Alas, we're aware of NFL teams' awareness

These weren't the statements NFC West teams hoped to make recently:

  • From St. Louis: "The Rams and the NFL office are aware of the situation regarding Robert Quinn. We take such matters very seriously, and we will act accordingly once the legal process plays out."

  • From San Francisco: "The 49ers are aware that Aldon Smith incurred minor injuries during an incident last night. We are in contact with Aldon, and thankful that his injuries were not more serious and that he is recovering comfortably. The 49ers are also in communication with local authorities as they gather information regarding the incident, and will reserve further comment at this time."

  • From Seattle: "We are aware of the situation with Marshawn [Lynch] and still gathering information."

Quinn and Lynch face DUI-related charges. Smith suffered injuries during a party that got out of hand. Their teams responded the way teams tend to respond, by acknowleding the situations without saying much, if anything, about them.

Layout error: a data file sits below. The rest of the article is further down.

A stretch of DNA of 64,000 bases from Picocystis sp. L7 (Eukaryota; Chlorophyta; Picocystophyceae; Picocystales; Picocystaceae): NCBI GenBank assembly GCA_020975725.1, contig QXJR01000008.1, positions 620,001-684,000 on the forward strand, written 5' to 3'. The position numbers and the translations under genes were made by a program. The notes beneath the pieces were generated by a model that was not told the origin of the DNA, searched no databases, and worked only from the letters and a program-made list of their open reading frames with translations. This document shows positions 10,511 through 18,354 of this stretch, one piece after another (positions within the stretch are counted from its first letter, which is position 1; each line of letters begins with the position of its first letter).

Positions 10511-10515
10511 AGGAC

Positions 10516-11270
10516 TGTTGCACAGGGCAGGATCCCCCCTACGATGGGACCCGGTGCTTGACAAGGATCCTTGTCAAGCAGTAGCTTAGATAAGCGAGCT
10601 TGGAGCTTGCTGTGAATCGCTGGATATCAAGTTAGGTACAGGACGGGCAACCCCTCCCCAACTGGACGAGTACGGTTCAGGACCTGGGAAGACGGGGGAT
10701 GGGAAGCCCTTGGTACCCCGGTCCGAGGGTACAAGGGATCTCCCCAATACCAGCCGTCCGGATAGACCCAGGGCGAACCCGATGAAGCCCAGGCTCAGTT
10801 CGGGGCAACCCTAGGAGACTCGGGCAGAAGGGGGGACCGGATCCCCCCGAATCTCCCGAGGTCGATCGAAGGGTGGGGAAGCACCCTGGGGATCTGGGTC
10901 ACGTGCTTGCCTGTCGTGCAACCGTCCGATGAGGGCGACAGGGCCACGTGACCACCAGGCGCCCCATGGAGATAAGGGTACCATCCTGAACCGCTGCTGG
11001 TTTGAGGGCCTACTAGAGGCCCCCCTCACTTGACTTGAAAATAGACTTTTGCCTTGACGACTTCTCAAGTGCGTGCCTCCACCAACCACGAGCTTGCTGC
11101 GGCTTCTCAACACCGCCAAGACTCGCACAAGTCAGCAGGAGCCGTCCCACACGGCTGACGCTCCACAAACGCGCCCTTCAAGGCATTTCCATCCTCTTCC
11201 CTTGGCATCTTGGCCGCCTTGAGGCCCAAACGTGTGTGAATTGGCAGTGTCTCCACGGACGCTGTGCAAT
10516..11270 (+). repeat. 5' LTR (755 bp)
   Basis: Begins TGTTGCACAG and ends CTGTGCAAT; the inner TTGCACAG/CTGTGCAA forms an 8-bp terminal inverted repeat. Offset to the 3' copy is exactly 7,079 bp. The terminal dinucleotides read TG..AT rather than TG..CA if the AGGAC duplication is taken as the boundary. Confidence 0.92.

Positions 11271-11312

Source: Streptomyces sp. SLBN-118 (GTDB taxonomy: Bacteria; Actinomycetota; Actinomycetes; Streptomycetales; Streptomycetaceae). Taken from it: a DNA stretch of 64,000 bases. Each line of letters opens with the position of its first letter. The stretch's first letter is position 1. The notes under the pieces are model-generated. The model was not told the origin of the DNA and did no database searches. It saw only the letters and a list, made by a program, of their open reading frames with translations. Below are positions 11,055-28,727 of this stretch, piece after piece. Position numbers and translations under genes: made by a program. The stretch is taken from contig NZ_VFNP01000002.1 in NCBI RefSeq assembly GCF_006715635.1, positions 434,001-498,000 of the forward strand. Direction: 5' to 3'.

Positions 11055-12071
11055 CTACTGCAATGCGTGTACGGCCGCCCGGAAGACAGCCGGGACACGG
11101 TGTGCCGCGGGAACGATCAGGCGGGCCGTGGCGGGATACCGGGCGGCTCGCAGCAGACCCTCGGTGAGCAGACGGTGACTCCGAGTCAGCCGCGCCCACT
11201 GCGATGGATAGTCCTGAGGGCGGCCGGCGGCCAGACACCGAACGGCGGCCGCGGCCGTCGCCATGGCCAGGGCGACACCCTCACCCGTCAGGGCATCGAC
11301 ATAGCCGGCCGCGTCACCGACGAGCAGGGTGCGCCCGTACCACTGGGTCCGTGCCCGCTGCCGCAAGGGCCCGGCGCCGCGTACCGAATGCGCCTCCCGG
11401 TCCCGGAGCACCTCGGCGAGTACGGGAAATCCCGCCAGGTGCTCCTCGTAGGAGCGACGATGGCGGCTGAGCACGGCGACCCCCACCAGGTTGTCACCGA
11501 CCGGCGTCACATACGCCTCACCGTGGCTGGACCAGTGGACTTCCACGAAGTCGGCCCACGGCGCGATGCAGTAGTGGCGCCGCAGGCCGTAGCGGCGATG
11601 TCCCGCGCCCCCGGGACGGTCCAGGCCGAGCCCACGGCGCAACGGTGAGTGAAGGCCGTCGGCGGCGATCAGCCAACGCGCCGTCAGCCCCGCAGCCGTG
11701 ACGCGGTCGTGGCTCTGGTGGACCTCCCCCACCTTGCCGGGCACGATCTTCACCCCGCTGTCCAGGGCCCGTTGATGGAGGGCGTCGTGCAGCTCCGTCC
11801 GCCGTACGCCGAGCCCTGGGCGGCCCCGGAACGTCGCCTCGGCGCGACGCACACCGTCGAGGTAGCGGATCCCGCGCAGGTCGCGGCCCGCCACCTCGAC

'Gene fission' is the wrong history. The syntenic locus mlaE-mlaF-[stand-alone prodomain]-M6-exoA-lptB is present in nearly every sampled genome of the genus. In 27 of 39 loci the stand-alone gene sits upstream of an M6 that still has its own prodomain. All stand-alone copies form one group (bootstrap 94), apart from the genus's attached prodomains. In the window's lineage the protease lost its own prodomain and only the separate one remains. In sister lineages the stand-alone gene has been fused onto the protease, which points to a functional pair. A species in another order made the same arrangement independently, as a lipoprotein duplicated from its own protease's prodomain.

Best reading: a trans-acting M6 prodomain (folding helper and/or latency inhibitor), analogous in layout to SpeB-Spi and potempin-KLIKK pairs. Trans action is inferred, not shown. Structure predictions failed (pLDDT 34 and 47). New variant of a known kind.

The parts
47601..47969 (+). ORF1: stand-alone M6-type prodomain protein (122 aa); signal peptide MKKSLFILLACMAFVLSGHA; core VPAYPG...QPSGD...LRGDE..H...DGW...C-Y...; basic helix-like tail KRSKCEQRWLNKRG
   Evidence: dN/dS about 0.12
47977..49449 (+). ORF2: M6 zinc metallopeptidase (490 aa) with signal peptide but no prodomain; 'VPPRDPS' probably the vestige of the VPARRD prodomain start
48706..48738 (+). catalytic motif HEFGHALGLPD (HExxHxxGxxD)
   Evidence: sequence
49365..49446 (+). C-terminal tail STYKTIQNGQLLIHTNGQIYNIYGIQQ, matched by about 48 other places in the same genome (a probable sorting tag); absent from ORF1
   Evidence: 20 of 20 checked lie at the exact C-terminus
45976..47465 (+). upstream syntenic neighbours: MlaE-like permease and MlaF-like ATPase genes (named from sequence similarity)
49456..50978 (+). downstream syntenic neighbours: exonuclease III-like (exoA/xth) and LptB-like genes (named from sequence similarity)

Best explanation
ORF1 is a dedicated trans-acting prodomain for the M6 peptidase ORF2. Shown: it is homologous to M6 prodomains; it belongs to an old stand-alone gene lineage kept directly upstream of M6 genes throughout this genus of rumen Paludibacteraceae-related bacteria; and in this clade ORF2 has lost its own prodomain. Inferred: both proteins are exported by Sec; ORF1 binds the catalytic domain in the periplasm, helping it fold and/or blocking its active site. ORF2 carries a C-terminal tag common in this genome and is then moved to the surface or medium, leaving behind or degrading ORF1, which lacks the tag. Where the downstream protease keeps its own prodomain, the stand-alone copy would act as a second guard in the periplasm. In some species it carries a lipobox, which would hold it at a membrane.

Teams walk a fine line. They usually share the public's frustration over such incidents, but they also hope to minimize the fallout. There's no sense in rushing to judgment, either. Two years ago, the Arizona Cardinals issued a similar statement regarding a player who had been arrested in California. Their restraint was warranted; authorities dropped the charges amid suggestions the player had done nothing wrong.

The situation with Lynch appears most serious among those listed above. Three years ago, while with the Buffalo Bills, Lynch served a three-game suspension for violating the NFL's policy for personal conduct. Alcohol-related arrests fall under the NFL's policy for substance abuse. The distinction could be helpful in projecting likely punishment for Lynch, arguably Seattle's most important player on offense.

The NFL ultimately did not punish Lynch in 2008 for traffic violations related to a hit-and-run investigation. The league levied a three-game suspension against Lynch for gun-related violations a year later. Those violations fell under the personal conduct policy. The hit-and-run case also would have fallen under personal conduct had Lynch faced charges more serious than traffic violations.

NFL commissioner Roger Goodell retains sweeping powers when it comes to player discipline. Lynch's' history of off-field incidents will likely come into play. To what degree remains less clear. On that front, you could say I'm aware of the situation and gathering information.